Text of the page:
3 cl of Bourbon whiskey
3 cl of sweet vermouth
3 cl of bitter
The Boulevardier cocktail is often dismissed as a simple variation of the Negroni cocktail. In fact, the recipes are very similar. Just replace the gin with whisky, and the Boulevardier cocktail is ready. The doses do not change 1/3 of whiskey, 1/3 of bitters, and 1/3 of sweet vermouth.
The taste, however, is totally different. Another world: whiskey and gin are at the antipodes of the aromatic and gustatory spectrum of the distillates.
It is said that the inventor of the Boulevardier cocktail is an American writer, Mr. Erskine Gwynne. Not that it matters much, although the first written recipe was by Harry McElhone in 1927.
What interests us is the flavor of this smoky, complex, and enveloping cocktail. We could spend those years quibbling about the choice of whiskey: the Americans prefer the caramelized, woody, and spicy tones of bourbon, and usually, it is good.
But to be honest, sweet vermouth and bitter find great aromatic harmony with a rocky and peaty whisky. The salty taste cuts the sweet taste of vermouth, the bitter adds an herbaceous touch, and then peat does the rest. The peat spreads a veil. It is like an embrace. It creates chinks, a thousand smoky facets that are nailed to the underlying sweetness of the drink. Let’s say that if the gin is pungent, resinous, and sharp, the whiskey is dark and sumptuous. Anyway, you can’t go wrong.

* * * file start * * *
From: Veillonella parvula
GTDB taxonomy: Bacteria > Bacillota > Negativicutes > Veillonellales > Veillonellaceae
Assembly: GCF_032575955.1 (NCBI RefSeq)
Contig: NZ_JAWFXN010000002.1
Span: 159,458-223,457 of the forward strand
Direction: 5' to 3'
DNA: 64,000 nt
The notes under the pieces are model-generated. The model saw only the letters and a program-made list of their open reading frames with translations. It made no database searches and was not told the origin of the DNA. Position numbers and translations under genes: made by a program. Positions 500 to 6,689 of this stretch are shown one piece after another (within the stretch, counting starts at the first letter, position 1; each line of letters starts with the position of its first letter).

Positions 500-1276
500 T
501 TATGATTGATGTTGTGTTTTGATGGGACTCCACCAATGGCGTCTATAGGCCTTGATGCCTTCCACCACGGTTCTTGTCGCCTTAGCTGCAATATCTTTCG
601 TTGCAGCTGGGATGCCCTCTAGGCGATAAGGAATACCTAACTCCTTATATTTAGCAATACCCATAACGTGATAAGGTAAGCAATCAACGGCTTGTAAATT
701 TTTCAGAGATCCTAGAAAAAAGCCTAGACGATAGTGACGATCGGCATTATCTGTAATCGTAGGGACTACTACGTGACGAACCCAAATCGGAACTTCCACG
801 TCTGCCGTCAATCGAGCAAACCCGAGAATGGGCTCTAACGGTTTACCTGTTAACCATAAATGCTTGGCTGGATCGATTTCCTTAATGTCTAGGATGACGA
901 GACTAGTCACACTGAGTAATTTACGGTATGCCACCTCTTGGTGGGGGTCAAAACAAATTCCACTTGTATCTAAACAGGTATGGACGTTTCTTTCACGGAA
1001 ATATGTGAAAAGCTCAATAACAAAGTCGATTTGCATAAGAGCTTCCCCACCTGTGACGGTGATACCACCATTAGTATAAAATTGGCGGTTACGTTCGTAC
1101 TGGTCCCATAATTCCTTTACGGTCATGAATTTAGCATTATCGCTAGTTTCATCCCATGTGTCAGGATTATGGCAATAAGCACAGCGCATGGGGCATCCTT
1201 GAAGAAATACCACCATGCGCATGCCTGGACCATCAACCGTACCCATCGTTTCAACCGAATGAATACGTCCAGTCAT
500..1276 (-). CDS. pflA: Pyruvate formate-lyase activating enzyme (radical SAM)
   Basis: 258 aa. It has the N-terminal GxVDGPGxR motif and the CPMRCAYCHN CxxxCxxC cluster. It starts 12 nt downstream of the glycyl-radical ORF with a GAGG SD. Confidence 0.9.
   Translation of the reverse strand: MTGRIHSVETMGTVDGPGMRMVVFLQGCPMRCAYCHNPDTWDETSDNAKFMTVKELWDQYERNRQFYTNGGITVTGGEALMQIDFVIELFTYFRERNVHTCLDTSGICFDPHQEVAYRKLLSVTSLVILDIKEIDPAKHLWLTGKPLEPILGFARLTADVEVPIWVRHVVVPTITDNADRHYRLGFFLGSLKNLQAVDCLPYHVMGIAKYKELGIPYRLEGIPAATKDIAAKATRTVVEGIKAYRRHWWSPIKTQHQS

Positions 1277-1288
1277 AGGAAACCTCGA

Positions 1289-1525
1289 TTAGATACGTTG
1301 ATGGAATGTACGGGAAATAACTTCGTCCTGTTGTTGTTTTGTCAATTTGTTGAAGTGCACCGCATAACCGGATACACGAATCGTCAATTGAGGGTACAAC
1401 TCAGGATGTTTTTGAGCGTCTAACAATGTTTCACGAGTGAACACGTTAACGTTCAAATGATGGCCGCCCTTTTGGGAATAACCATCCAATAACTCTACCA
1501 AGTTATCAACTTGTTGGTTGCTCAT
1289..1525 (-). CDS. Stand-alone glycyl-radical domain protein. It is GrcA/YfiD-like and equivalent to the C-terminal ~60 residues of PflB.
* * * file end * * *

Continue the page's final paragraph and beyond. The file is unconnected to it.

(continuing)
Boulevardier cocktail ingredients and doses
- 3 cl of Bourbon whiskey
- 3 cl of sweet vermouth
- 3 cl of bitter
- cherry or lemon peel
- optional: Angostura, chocolate bitter, or orange bitter
How to prepare the Boulevardier cocktail
Fill a mixing glass with ice, pour all the ingredients, and mix.
Pour into a Martini cup or old-fashioned one and drop into a maraschino cherry.